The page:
When is a snowdrop not just a snowdrop? When it’s a drift of creamy white lifting our spirits and reminding us that warmer days are not far away. Enjoy the grounds of our National Trust houses as spring begins to emerge with these harbingers of brighter days ahead.
It won’t be long before you see the gardens bursting with snowdrops or as Stowe fondly like to call them ‘Stowedrops’. Enjoy chilly walks round the stunning temples and lake to spot them peeping through before they develop in their masses throughout the Elysian Fields, Sleeping Wood, and Lamport Garden. You can also book tours of Stowe House, learn all about its fascinating history and marvel at the magnificent state rooms.
Cliveden has some wonderful snowdrops in the woodland and also on the steep west-facing escarpment that runs down to the edge of the River Thames. You'll find spots of colour too, thanks to bright red berries and fiery dogwoods. Cliveden has designed a walk around the estate to take you past all the top snowdrop viewing spots.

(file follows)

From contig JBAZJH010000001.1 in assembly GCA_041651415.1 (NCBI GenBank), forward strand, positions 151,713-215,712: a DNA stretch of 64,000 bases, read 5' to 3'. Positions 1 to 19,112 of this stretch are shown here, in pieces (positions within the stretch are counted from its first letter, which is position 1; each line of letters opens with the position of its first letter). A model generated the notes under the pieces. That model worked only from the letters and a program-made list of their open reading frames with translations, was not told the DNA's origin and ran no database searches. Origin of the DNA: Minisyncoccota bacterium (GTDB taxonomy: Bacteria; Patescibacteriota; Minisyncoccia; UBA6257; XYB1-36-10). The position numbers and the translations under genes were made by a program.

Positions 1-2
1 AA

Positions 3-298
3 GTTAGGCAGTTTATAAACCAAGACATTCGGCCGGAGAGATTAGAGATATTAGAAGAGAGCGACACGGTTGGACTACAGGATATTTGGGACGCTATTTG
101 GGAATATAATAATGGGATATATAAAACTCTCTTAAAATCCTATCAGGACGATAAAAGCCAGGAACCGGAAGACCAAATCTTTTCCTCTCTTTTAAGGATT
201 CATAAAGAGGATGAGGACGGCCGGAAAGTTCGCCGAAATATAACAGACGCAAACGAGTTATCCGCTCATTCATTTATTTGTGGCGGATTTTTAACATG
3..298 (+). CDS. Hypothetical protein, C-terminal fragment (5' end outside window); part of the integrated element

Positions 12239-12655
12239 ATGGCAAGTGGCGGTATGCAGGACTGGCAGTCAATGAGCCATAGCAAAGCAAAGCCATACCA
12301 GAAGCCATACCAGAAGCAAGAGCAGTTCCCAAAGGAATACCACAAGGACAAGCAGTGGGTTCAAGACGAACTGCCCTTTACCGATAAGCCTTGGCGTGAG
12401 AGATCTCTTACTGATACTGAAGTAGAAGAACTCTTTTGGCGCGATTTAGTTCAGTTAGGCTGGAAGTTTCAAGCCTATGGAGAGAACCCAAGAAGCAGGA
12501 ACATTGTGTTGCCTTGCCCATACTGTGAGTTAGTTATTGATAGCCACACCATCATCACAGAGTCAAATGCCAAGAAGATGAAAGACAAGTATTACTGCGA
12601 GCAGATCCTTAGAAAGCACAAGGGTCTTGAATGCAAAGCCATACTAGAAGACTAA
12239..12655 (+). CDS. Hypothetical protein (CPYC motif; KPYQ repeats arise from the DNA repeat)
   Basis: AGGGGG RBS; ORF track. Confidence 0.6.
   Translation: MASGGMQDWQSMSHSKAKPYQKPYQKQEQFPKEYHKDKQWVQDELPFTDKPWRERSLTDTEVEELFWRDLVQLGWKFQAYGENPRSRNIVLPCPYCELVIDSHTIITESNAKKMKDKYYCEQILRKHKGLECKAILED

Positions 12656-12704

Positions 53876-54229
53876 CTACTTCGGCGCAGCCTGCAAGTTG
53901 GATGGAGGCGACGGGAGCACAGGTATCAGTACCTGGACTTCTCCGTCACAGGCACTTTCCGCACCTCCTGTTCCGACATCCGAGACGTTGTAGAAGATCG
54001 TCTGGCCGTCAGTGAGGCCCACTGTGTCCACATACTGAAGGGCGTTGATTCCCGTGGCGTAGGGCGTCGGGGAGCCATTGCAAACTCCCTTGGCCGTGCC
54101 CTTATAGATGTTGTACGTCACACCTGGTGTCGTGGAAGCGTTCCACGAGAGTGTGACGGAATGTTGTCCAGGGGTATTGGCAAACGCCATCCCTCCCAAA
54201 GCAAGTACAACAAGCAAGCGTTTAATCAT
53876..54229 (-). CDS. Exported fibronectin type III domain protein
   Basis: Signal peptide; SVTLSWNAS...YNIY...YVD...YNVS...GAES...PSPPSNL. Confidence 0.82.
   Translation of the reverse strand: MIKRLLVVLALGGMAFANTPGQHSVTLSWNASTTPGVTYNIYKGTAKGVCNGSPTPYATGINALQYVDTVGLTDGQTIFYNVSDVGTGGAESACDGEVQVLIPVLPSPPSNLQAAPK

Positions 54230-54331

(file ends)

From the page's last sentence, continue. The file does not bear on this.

Take a stroll amongst the magnificent gardens and woodlands whilst the house remains closed until March. Spring bulbs are appearing and there are plenty of places to see Waddesdon's wonderful snowdrops, from the daffodil valley to the tulip patch. You can also book a tour around the private parkland at Eythrope this February where Alice de Rothschild helped create a truly stunning landscape and garden, which at this time of year includes plenty of snowdrops.
Home to Victorian prime minister, Benjamin Disraeli, Hughenden has some lovely parkland, beech woodlands and gardens to enjoy. The extensive grounds include the German Forest Walk, Woodcock Wood Walk and a trail up to Disraeli's Monument that gives spectacular views across the whole estate.